The average life expectancy for patients with mesothelioma who undergo is around 12-21 months. It’s important to note that this is an average, and individual cases can vary significantly. The life expectancy of a mesothelioma patient is influenced by various factors, including overall health, cancer stage, mesothelioma cell type, and response to treatment.

Whilst the prognosis for mesothelioma is frequently bleak due to its late symptomatic manifestation and rapid progression in advanced stages if caught early there may be a longer survival period especially with early detection and advanced treatments.  Surgery, chemotherapy, and radiation therapy are common treatment options that can extend life expectancy and improve quality of life.

There are approximately 2,500 deaths annually in the UK alone.  It is important for the family to contact us urgently, as specialist mesothelioma solicitors as it will be very helpful to making a claim if we can obtain a work history from a ‘live client’ and to obtain an independent medical examination to confirm a mesothelioma diagnosis.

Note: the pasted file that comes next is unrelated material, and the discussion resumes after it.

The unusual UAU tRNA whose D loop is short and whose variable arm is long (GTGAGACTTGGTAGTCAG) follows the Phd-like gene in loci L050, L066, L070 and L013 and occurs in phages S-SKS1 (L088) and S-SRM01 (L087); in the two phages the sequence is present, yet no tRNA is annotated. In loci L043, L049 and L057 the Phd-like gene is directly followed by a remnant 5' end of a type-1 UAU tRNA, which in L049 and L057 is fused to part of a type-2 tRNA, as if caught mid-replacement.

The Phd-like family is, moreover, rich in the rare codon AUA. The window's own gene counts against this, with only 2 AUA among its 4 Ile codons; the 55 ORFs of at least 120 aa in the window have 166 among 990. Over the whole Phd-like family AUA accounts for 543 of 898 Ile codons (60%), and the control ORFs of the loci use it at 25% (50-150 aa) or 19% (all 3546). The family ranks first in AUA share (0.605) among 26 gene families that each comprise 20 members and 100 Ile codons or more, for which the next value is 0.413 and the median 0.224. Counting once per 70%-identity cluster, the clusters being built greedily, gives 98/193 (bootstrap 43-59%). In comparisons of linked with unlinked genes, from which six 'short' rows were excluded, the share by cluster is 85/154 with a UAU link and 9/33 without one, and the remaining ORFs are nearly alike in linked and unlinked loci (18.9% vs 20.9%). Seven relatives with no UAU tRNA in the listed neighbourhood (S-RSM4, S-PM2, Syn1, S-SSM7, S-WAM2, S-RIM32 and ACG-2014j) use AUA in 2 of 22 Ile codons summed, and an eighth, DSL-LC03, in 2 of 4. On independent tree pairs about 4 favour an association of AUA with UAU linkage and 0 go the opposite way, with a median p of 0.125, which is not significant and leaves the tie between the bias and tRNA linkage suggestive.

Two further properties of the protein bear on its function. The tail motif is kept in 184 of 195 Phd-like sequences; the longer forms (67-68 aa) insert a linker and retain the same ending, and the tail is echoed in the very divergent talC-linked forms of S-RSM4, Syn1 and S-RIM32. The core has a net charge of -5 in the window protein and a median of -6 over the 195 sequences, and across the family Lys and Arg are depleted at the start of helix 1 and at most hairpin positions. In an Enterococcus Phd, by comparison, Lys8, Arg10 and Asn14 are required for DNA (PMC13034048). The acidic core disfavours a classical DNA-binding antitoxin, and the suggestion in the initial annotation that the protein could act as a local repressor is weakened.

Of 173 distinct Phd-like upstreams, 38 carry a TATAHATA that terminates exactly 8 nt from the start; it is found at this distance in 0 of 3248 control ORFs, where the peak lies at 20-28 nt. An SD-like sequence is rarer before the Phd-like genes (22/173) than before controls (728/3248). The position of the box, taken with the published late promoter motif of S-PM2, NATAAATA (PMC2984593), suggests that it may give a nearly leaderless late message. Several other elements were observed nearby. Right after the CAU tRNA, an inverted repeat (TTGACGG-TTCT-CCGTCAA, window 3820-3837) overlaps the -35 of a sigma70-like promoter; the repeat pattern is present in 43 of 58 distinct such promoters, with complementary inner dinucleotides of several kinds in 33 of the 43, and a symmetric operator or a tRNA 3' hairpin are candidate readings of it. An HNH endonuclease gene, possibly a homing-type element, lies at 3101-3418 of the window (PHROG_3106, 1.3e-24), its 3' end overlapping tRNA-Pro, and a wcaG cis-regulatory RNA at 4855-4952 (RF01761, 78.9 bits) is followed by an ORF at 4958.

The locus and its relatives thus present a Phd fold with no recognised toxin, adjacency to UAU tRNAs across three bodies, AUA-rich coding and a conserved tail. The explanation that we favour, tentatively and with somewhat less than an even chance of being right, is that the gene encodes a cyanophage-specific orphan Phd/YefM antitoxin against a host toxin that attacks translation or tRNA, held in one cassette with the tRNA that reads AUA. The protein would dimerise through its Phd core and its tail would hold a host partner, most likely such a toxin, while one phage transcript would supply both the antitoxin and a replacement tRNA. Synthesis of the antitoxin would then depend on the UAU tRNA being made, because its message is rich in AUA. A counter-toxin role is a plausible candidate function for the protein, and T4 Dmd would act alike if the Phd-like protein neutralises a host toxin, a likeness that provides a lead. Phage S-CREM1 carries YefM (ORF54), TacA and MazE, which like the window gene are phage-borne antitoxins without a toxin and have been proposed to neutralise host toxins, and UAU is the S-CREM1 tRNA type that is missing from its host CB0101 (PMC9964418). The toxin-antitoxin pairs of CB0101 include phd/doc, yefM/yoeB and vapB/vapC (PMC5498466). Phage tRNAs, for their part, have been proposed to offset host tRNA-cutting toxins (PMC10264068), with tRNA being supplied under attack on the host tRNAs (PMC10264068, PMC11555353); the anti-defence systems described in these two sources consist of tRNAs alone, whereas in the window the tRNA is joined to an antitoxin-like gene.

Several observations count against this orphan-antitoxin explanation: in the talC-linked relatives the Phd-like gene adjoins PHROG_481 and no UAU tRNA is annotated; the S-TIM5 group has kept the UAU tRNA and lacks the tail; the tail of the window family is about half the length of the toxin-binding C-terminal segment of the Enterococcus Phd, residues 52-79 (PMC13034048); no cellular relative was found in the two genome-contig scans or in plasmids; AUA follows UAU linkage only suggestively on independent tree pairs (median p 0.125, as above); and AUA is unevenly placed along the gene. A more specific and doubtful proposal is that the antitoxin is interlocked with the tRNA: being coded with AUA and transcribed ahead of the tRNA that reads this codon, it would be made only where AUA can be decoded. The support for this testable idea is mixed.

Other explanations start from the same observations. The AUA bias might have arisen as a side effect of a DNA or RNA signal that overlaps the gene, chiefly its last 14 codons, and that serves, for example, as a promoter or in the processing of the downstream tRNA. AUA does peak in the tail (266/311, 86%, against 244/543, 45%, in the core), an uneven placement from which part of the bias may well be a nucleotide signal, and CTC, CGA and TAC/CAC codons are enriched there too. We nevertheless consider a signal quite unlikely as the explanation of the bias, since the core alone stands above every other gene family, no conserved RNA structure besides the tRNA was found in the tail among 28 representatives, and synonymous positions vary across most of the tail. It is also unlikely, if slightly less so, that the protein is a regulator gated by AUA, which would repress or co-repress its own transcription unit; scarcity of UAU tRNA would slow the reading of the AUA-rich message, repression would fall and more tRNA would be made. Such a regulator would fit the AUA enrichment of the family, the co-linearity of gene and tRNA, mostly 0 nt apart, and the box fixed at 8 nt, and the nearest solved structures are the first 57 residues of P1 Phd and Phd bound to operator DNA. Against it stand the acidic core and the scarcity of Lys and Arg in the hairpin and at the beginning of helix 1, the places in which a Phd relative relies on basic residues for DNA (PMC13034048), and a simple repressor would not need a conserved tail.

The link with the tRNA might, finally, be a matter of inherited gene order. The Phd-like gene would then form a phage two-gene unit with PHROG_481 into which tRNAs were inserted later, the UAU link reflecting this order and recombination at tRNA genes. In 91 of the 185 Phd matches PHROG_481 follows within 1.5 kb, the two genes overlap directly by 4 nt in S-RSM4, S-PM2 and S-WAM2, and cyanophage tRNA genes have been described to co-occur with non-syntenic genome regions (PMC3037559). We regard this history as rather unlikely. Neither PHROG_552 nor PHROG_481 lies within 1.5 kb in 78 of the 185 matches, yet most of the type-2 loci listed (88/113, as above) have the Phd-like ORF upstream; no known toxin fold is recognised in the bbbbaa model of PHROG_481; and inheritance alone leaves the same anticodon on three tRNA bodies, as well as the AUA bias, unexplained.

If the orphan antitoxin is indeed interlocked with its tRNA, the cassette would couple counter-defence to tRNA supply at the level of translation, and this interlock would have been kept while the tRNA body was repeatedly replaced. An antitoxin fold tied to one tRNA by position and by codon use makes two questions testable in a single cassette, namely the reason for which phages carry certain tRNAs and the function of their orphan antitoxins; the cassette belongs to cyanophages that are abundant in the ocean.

What are the symptoms of mesothelioma?

In general mesothelioma symptoms unfold over time, often remaining latent for decades after asbestos exposure. Lung-related ‘pleural mesothelioma’ indications include

  • chest pain,
  • shortness of breath,
  • persistent fatigue,
  • night sweats,
  • lingering cough,
  • weight loss,
  • clubbed (swollen) fingertips.

Further there may also be abdominal symptoms ‘peritoneal mesothelioma’ individuals may experience;

  • stomach pain,
  • swelling,
  • nausea,
  • appetite loss,
  • bowel irregularities.

These signs, however, rarely surface until many years after exposure to asbestos, some 20 to 40 years plus.  This is known as the latency period.  This is why the vast majority of mesothelioma clients we see are over 60 years of age.

Understanding Mesothelioma Life Expectancy

Mesothelioma is a cancer that affects the thin layer of tissue (mesothelium) covering the organs in the chest and abdomen. It is primarily caused by exposure to asbestos, a mineral commonly used in construction, manufacturing, and other industries. As with any form of cancer, the prognosis and life expectancy of mesothelioma patients can vary significantly.

Is Mesothelioma 100% Fatal?